“It seemed interesting to me to develop a project linked to the area of Alpe Adria. The theme came to me almost by chance through some publications I came across on a series of initiatives linked to the field of equal opportunities – she explains. I thought that a comparison between the conditions of women in Friuli Venezia Giulia, in Slovenia and in Carinthia could represent a new and still largely unexplored theme”. The results of the project were, on one hand, a doctoral thesis “Gender inequalities and social conditions of employed women in the Alps-Adriatic region. A comparison between Carinthia, Friuli Venezia Giulia and Slovenia, and, on the other an intense life and work experience, gained at first hand in the three areas; and, confirming the conclusions reached in her thesis – that Slovenia offers the best living and work conditions for women and recounts how it was in Ljubljana that, were she able, she would have stayed and lived.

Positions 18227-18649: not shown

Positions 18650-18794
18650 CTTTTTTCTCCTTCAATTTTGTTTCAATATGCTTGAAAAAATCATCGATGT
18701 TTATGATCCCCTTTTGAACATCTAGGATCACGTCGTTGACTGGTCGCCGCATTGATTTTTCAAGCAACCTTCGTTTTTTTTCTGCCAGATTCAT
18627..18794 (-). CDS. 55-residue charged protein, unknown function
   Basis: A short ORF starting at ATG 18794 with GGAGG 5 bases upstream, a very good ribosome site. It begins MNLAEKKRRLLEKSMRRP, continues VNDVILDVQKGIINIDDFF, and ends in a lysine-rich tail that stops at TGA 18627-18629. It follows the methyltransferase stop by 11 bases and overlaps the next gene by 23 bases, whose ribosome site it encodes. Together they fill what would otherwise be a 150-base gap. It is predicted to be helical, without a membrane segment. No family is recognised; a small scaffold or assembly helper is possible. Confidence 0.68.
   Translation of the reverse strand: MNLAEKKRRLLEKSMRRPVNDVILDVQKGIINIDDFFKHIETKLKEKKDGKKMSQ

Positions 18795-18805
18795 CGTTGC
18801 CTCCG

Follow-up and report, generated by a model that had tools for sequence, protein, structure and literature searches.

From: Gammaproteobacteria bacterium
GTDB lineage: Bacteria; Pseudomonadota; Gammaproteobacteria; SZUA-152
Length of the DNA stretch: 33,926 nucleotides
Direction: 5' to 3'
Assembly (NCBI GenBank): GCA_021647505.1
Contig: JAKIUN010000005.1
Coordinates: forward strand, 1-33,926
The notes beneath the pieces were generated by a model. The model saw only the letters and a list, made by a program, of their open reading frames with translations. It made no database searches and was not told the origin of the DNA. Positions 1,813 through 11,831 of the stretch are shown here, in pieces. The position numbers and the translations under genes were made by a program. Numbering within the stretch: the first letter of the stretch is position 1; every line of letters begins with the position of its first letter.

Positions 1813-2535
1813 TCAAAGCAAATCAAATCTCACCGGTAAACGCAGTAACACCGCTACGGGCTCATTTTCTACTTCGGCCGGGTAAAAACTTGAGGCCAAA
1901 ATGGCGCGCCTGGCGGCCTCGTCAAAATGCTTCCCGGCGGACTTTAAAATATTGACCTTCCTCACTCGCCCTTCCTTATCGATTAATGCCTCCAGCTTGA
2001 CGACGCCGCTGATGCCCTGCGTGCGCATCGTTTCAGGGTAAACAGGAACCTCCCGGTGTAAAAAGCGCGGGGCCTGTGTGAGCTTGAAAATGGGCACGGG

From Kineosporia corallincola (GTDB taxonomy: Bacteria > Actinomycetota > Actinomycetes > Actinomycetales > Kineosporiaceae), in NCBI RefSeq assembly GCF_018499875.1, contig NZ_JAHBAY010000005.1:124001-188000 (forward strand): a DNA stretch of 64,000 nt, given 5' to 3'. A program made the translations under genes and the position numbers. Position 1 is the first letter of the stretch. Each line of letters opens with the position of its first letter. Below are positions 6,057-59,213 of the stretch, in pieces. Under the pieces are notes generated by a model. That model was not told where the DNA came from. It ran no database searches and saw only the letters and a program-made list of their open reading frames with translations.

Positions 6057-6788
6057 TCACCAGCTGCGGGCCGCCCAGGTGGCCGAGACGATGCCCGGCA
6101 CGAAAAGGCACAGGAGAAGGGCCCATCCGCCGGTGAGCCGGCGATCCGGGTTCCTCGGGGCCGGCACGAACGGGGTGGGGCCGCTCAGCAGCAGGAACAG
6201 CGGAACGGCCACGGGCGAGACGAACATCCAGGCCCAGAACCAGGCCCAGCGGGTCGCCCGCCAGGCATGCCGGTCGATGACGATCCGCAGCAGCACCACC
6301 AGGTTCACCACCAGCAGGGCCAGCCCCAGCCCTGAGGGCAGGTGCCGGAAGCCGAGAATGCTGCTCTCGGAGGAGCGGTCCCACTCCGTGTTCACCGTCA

“At the University of Klagenfurt there is a department dedicated to the promotion of Gender Studies, with a well-stocked library and, not of minor importance, my supervisor Professor Josef Langer. I did my first term of the doctorate there and, finding good working conditions, decided to stay on”. But the life of Serena Fedel at that time wasn’t only that of a student. Looking for alternate employment , more or less temporary, she worked as a barmaid and as a hostess at trade exhibitions – opportunities that on one hand allowed her to pay her way and on the other, “live” the city and practice the language, getting to know people. In the meantime there was a thesis to carry forward, in particular an analysis of the professional conditions of women, using a series of interviews with female employees of a bank with branches in all three areas.